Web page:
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France.. Energy prices push inflation to a historic level

The National Institute of Statistics stated that inflation is driven by the rise in energy and food prices, which rose by 33.1 percent and 5.7 percent, respectively, compared to June 2021.

On a monthly basis, the French consumer price index (inflation) increased by 0.7 percent in June, as in the previous month and after 0.4 percent in April.

According to the statement issued by the National Institute of Statistics, “energy prices will accelerate significantly in line with the prices of petroleum products.”

The European Central Bank is expected to raise interest rates in July for the first time in nearly a decade in a bid to contain spiraling inflation. Economists are divided over the size of the increase, amid concerns that a higher borrowing rate could further weaken the economy.

Services prices rose in June by 3.2 percent year on year, at the same pace recorded last month, while prices for manufactured goods slowed to 2.6 percent, compared to 3.0 percent in May.

Finally, the harmonized consumer price index, which serves as a tool for European comparisons, rose in June by 6.5 percent on an annual basis, compared to 5.8 percent in May.

While German inflation has not been as strong as expected this month, European Central Bank President Christine Lagarde said the main focus will now be on the figure for the entire 19-nation Eurozone, due for release on Friday. Inflation is expected to record a historic high of 8.5%.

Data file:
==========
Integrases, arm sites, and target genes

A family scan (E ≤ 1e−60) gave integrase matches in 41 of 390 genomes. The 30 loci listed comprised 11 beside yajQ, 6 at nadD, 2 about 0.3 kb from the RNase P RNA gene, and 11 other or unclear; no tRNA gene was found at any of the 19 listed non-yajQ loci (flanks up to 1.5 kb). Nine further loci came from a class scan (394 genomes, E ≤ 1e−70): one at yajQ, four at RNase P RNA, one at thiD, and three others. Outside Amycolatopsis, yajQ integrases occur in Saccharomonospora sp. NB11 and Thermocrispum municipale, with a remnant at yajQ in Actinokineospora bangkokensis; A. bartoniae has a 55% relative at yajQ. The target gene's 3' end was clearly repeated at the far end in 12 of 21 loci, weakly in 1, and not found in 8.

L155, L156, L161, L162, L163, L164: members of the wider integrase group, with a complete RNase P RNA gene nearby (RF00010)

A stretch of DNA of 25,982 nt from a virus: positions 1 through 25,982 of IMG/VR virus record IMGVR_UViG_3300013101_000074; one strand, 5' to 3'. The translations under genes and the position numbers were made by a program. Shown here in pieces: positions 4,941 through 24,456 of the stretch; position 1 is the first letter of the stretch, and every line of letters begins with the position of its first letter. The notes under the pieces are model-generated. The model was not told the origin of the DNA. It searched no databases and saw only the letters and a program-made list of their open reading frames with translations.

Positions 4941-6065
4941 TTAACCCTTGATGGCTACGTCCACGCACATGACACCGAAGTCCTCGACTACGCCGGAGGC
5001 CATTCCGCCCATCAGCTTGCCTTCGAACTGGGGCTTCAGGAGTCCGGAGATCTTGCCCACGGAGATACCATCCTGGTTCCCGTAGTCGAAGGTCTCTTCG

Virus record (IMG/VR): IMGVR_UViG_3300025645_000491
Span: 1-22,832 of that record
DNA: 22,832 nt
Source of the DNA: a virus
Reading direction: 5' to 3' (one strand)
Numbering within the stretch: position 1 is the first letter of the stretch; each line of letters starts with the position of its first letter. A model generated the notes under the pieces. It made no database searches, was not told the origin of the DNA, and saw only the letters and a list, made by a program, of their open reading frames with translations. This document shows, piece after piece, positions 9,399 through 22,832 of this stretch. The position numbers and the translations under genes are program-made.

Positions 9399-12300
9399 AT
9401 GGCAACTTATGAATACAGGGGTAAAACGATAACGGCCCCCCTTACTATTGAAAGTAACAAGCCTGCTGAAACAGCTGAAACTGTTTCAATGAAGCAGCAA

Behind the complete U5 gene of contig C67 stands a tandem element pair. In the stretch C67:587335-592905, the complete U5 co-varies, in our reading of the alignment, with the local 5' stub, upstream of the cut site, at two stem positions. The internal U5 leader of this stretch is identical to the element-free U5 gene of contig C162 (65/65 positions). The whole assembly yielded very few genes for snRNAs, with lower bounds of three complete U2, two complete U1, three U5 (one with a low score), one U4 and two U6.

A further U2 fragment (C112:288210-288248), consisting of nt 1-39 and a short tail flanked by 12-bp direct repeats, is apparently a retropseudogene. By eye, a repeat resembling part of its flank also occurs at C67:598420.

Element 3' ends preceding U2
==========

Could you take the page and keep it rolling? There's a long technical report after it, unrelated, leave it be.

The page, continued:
Although France has managed to contain inflation compared to other European countries, the government has spent about 25 billion euros (about 26.1 billion dollars) to curb the rise in energy prices.

The French president’s government also plans to present a revised budget for 2022 that includes another 25 billion euros to prolong existing measures and add new measures, such as an increase in pensions.

For its part, the French Central expected that the country’s economy will slow by more than estimates this year due to the current energy price shock.

The French central added in its quarterly forecasts that the second largest economy in the euro zone is expected to grow by 2.3 percent this year before slowing to 1.2 percent in 2023 and then rising to 1.7 percent in 2024 as the repercussions of the crisis recede.

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